The Day I Pet A Baby Cow

By Stephen Ewashkiw | April 17, 2014

12,972 km so far.

Today was a not particularly noteworthy highway ride from Kampong Chhnang to Phnom Penh, which we hadn’t even decided to visit until last night. After a few days in the countryside we’ve chosen to hit the city in search of good food, coffee, and a couple of nights’ good sleep.

Cambodian For Moo?

On the way, at a brand new petrol station in the middle of farm fields, I pet a baby cow.

The family who runs the gas station were looking after it. They told me the calf is an orphan and they feed it and care for it. Usually, when we see these tiny calves, they are no more than a few feet from their mothers. It must be so difficult to be alone like that, when your whole upbringing is coded to have a mother there to teach you everything.

Baby cow at the gas station, near Phnom Penh.

Baby cow at the gas station, near Phnom Penh.

At first she peed when I got close. I guess she was a little nervous, or maybe marking her territory. Then she sauntered over to Jane, took a sniff, and decided we weren’t so bad. I got to talk to the calf for a bit, and pet it.

Communing with nature, near Phnom Penh.

Communing with nature, near Phnom Penh.

Highlight of the day!

Capital City

And now we are in Phnom Penh. We weren’t planning on being here, but three days averaging 100 km, in this heat, is exhausting. And finding vegetarian meals that are substantial has been tough the past few days. So we decided it was smart to take a day off in a city where were are guaranteed some good meals, and comfortable rooms.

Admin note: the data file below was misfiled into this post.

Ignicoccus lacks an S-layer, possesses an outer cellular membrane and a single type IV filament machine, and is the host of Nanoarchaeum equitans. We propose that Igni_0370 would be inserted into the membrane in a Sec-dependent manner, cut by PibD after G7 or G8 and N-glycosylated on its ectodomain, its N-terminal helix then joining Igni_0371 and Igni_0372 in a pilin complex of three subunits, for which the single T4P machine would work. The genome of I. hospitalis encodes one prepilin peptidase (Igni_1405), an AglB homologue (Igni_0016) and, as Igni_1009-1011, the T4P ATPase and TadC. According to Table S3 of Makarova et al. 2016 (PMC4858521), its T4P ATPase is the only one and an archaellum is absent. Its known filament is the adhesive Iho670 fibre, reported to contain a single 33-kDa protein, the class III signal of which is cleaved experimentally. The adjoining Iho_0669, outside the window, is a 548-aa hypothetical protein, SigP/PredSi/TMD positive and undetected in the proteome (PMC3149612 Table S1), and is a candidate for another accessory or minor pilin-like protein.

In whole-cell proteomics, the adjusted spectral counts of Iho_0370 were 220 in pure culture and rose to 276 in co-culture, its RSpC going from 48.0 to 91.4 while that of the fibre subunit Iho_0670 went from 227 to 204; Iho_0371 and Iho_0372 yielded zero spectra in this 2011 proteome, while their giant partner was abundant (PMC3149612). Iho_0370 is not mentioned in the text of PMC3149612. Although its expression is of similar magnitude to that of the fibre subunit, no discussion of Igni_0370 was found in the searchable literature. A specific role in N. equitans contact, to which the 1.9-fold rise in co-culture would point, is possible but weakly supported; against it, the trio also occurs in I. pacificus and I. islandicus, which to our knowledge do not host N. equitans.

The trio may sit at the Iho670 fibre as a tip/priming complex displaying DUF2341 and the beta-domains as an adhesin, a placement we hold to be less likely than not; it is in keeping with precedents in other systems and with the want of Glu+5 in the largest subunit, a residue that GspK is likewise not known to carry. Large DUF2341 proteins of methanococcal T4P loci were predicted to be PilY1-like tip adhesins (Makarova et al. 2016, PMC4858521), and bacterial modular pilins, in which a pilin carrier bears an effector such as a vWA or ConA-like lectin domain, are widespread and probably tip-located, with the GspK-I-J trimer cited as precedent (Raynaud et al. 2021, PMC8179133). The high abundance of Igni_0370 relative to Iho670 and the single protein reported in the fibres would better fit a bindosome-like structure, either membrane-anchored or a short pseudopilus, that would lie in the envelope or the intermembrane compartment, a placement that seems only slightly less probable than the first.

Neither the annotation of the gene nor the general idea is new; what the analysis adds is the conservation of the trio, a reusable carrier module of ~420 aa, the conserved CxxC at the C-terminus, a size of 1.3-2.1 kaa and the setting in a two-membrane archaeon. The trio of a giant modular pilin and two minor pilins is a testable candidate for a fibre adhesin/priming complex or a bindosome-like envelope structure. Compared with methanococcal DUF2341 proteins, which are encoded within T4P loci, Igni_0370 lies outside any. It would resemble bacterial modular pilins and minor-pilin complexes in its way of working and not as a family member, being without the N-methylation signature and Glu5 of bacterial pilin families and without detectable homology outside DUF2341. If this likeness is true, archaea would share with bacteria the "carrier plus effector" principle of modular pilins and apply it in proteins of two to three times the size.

Bicycle all dressed up, in Kampong Chhnang.

Bicycle all dressed up, in Kampong Chhnang.

We are staying at the cleverly named Me Mates Place, a hostel in the centre of town.

“Where ya staying?” “Me Mates Place.” See, clever.

We are in a mixed dorm room, which isn’t something we do often. In the cities where there is a hostel culture though, the hostels are as nice as the type of guest house we’d be able to afford, and the price is a bit lower.

Also, they also almost always have a bar.

Happy Hour is popular on the backpacker trail. We are absolutely fine with this. It is one of the nice things about going to the tourist destinations every once in a while.

With the night air starting to cool slightly, we sat back in the garden at the hostel, looked up at the Phnom Penh sky, and sipped gin and tonics. We’re looking forward to a chance to sleep in tomorrow and, after three days going without, finally getting a decent cup of coffee.

Soundtrack: Rheostatics, Melville | Miley Cyrus, Bangerz | Dr. Dre, The Chronic | Microphone Check podcast  

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Want to see the route map? View it on Ride With GPS.

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Hi, I’m Stephen, full-time travelling yoga teacher & founder of Adventure Yoga. I’ve taught yoga in 25 countries and have had adventures in 50! At My Five Acres, we inspire you to live your most adventurous life and help you to travel more and more mindfully.

2 comments

  1. Comment by Cassie

    Cassie Reply April 29, 2014 at 7:48 am

    Three days without coffee makes Stephen something something (I can’t imagine!).

    • Comment by Stephen

      Stephen April 30, 2014 at 4:55 pm

      Oh so not fun Cassie. At least there was a baby cow to cheer me up. And Coca-Cola.

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